(This post is retrospective -- students started using it yesterday.)
While Impressory is just running on an AWS instance, I put Assessory for our class on Heroku so that it would get an https address immediately *, and there wouldn't be a delay while I waited for DNS settings for a new domain name to propagate.
Heroku is a Platform-as-a-Service provider that uses a push to deploy mechanism. Add Heroku as a remote to the git repository, and then…
git push heroku master
…and Heroku will build and deploy your code.
This works for a number of platforms, including Scala Play apps such as this one.
In practice, Heroku can be very slow building a Scala Play app, even one as simple as this, and it would regularly take longer than the 15 minute maximum that Heroku allows. In which case, Heroku would reject the push, and even though the update might only have been seconds away from going live, I'd be frustratingly bunted back to starting the deployment again.
The modular nature of the app, while great for keeping the code tidy, also seemed to slow down Heroku's builds as it has to go through an update cycle (resolving dependencies) for each of the modules as it compiles them. These seem to take a bit of time on Heroku.
Avoiding Heroku's long build times
The short answer to avoiding Heroku taking an age to compile an app (and often having to compile the compiler interface before it starts), it turns out, is this: don't let it compile it at all.
There's two ways of "not letting it".
Apparently there's an alternative build mechanism for Heroku called Anvil.
This uses Heroku's build packs on some other AWS servers. It seems to get around the timeout but still takes some time.
To be honest, I didn't get time to look at it until later, as I needed to get an update up quickly. When I did try it out, while writing this post, it did work -- though it took its merry time too.
The other is a hacky little workaround that involves almost no set-up, and is very much faster.
Don't push the Play app itself to Heroku. Instead, publish it as a JAR file to a Maven or Ivy repository. Play apps can be published as JAR files just by running this from sbt:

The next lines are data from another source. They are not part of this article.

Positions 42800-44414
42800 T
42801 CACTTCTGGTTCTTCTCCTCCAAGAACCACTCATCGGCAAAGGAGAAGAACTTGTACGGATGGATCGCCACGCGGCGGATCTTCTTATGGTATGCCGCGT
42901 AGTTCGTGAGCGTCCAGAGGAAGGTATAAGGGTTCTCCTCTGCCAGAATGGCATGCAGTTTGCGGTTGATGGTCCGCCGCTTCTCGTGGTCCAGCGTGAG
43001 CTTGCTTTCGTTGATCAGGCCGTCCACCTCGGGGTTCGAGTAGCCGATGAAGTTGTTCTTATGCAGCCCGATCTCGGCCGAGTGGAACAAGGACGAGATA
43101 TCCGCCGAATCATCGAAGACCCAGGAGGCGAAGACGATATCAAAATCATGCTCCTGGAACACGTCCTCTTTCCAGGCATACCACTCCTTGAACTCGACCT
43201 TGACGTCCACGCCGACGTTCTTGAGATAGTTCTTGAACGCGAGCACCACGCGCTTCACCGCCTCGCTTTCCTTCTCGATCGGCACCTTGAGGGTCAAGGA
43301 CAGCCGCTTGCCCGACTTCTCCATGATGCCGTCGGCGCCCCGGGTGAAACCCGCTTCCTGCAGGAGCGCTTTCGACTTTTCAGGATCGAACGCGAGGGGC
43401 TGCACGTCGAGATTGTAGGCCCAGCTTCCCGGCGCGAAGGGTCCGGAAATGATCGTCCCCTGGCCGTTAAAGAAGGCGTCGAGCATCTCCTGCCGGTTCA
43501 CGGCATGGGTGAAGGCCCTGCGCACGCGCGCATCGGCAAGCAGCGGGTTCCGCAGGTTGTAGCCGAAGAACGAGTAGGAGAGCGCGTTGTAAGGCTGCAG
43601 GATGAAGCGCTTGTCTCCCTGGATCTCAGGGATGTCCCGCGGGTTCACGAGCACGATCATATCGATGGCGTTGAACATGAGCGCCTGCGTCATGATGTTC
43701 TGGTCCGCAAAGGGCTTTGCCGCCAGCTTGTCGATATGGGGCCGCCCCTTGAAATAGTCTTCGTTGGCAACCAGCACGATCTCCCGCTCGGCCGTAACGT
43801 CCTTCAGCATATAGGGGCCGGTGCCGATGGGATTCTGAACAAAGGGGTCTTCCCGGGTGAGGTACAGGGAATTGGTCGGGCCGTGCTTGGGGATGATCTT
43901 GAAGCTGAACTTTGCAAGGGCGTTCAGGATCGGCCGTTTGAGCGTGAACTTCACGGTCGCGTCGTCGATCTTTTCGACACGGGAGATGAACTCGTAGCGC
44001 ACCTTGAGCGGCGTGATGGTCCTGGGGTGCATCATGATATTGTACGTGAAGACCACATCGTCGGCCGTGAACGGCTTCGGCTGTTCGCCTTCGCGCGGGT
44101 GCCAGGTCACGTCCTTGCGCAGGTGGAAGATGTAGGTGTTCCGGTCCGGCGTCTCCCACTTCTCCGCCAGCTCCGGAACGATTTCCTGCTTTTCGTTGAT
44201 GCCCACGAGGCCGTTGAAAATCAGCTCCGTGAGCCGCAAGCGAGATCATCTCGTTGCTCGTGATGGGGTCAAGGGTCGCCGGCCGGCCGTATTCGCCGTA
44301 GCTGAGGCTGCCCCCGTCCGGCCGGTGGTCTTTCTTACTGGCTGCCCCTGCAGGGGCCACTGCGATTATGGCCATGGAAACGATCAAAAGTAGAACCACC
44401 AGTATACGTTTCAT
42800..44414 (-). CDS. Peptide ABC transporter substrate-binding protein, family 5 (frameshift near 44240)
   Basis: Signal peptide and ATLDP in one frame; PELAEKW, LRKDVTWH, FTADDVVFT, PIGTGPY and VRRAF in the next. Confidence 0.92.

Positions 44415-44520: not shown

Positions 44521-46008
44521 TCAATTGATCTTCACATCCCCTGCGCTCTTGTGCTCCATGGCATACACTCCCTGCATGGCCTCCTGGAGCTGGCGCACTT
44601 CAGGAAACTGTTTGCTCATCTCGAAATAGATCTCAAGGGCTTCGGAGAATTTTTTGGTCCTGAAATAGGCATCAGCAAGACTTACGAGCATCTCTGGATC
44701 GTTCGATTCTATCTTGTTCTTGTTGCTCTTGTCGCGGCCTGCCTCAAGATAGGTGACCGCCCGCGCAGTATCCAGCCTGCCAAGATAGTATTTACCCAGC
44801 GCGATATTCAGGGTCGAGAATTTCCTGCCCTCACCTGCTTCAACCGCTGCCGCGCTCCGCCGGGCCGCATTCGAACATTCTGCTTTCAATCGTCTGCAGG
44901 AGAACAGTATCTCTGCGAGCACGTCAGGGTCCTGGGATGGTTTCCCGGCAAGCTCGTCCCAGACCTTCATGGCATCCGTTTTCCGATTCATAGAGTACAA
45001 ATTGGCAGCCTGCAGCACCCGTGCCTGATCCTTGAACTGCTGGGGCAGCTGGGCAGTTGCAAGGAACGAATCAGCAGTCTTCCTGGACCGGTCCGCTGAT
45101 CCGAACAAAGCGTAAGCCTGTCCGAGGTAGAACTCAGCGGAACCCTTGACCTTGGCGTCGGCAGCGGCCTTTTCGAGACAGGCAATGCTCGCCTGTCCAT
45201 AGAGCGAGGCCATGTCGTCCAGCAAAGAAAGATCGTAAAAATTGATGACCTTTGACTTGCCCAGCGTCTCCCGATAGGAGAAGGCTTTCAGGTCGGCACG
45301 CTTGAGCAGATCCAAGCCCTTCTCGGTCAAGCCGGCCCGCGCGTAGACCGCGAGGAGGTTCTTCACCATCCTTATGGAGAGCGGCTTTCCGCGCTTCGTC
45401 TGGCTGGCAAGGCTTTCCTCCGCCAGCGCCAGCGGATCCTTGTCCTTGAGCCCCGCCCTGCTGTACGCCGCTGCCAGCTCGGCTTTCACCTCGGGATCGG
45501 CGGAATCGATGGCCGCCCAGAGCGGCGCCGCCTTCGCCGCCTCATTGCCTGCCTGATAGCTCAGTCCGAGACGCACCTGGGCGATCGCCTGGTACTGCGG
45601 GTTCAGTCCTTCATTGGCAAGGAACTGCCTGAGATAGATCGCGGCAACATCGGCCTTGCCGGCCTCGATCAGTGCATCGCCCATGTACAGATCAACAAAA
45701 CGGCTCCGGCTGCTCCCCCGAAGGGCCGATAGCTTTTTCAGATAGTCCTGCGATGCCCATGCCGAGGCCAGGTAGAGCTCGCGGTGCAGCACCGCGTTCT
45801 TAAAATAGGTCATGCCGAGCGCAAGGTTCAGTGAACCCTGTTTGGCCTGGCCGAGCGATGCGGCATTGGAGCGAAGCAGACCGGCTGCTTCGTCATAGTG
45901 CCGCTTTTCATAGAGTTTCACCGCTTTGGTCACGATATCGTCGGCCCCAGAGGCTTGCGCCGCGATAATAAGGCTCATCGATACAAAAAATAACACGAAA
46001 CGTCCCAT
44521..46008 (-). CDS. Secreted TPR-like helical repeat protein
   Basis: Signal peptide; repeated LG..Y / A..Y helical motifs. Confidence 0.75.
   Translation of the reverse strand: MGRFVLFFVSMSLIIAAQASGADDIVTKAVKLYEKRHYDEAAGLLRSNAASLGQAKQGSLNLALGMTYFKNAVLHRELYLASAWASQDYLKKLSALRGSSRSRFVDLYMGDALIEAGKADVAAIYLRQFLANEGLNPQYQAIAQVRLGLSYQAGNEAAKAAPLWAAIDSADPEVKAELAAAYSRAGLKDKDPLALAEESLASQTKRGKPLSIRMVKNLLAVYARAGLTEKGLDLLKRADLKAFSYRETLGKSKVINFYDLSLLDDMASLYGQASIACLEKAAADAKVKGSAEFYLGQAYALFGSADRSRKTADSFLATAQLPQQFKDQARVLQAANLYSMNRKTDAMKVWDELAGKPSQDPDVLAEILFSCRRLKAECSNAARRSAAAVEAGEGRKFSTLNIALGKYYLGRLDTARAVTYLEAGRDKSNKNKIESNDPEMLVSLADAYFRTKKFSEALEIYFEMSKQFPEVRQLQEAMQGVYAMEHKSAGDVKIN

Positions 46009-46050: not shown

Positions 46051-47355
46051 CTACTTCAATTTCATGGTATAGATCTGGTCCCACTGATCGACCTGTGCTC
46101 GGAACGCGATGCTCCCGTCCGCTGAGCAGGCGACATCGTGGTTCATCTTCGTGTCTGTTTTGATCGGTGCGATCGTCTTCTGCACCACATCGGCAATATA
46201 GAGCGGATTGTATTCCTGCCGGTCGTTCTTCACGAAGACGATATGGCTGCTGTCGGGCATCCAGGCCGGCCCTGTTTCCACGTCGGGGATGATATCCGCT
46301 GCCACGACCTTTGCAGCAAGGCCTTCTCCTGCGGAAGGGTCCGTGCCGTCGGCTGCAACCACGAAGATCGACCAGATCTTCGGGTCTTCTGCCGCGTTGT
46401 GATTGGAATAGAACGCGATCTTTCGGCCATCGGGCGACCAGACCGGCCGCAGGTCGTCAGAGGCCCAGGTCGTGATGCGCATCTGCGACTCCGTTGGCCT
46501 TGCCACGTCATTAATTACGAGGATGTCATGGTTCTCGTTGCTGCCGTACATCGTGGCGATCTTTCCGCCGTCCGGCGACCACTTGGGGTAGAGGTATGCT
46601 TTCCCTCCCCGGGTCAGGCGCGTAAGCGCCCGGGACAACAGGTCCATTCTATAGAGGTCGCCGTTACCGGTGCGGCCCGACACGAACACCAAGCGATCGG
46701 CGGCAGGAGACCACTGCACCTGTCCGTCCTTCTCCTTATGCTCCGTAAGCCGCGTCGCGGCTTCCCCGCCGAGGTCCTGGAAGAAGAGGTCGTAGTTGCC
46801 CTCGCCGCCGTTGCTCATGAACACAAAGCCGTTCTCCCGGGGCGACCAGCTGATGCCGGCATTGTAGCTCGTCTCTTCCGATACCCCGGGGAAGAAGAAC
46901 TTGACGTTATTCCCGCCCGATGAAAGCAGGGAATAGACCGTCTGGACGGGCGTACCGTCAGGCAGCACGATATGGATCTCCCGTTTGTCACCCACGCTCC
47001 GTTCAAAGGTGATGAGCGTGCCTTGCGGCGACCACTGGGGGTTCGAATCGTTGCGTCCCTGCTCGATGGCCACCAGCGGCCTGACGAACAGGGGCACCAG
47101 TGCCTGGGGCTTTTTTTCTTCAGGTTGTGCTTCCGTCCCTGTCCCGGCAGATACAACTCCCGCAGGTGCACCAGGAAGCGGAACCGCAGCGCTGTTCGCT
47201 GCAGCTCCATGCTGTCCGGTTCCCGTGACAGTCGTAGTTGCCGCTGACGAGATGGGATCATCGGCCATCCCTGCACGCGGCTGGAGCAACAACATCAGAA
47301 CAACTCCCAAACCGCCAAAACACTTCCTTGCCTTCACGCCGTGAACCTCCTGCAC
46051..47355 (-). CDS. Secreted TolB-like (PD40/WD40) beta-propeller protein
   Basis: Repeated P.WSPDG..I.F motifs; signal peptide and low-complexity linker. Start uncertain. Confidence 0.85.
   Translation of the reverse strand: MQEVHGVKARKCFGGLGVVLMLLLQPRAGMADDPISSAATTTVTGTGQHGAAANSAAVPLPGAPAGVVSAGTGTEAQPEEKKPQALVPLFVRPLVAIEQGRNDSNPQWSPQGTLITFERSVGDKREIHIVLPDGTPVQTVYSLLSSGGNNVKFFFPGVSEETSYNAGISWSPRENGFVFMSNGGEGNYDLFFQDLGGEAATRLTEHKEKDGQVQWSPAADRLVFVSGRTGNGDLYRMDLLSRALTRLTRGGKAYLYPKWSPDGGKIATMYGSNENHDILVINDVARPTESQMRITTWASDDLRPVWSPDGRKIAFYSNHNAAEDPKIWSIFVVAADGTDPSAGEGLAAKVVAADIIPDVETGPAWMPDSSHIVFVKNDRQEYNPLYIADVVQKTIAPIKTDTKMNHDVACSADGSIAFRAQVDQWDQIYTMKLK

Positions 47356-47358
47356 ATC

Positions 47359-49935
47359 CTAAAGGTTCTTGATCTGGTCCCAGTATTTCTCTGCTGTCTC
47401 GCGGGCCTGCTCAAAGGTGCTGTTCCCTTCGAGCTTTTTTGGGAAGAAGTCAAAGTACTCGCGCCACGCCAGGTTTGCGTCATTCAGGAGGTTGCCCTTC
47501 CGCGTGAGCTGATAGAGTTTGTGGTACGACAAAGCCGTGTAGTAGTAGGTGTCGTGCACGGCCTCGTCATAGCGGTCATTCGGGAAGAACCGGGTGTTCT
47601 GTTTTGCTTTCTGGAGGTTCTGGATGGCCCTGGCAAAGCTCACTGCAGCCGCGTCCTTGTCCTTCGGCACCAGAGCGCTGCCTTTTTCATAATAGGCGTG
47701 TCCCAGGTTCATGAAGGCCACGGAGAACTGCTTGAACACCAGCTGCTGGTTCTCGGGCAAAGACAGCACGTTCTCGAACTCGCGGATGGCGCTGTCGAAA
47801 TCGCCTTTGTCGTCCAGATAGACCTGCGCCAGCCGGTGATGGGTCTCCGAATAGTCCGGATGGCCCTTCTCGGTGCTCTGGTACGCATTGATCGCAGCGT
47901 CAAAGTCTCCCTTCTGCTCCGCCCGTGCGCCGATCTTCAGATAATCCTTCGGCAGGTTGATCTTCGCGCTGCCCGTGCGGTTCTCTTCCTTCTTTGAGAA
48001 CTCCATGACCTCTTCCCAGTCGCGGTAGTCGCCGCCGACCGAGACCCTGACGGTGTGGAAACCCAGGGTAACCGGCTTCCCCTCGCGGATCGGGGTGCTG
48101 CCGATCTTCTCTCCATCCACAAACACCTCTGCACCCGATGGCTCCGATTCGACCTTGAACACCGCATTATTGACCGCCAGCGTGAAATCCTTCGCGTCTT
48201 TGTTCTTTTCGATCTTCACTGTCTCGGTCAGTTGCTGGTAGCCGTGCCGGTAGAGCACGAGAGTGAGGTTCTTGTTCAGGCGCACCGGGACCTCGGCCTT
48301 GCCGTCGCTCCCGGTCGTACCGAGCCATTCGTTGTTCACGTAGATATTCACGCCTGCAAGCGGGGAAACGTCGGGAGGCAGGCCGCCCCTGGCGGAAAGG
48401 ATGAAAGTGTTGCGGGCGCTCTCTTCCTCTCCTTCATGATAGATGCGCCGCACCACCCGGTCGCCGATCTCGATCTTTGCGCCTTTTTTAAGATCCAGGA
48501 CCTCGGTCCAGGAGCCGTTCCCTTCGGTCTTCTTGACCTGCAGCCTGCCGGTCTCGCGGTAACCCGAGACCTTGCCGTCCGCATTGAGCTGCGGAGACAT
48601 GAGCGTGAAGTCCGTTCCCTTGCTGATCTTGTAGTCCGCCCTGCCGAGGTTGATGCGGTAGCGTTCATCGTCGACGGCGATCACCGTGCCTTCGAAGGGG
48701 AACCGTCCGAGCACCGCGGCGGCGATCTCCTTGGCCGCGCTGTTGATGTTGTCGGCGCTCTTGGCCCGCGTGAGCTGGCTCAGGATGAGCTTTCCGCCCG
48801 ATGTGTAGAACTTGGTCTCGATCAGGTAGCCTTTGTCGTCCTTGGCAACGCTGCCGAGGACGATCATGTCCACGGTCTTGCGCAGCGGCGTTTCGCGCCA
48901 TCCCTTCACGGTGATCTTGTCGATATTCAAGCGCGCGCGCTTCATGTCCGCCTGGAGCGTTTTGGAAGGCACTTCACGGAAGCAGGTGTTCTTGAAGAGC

This tends to be very fast because you've already compiled your code locally before you decide you want to upload it. (And your development machine is probably quicker than the AWS machines that Heroku builds on.)
Then we create a second, essentially empty Play app that has our real app as its only dependency. We're treating our app as a library that's used by a trivial wrapper app. (We include only a very few files that we need to be a valid Play app: application.conf, plugins.sbt, build.properties. Perhaps one or two others, but they are straight copies of the files in our "real" app.)
If you're not keen on pushing your code to a public Maven or Ivy repository, then you can push it to a local repository that you include in the almost-empty Heroku app.
This second approach feels like cheating, but in practice the only downside I've noticed so far is that public assets (images) from our "real" app would now be served out of the JAR file -- which is slower than serving them straight from a file if the app wasn't packaged up as library.
But in Assessory there are only three images that get served anyway -- the cartoon drawings on the NotFound, Forbidden, and InternalServerError screens. (And as it happens I messed up the URL so they're not appearing in the dependent-JAR-file version because of a double // in the path. The image below is from the un-JARed version in a previous post.)
So I think for a while, I'm just going to put my few static images up somewhere else on the web -- perhaps in Cloudinary, and keep using this dependent app trick to make Assessory deployments fast.
* If a user accesses a site using http rather than https on a passwordless WiFi network (such as UQ's visitor WiFi), then it's possible to intercept their session key over the air. This is fairly well-known, and it's why Facebook, Google and others have moved to https only. For Assessory, where students are marking each other, I'd like to ensure that an https URL is available.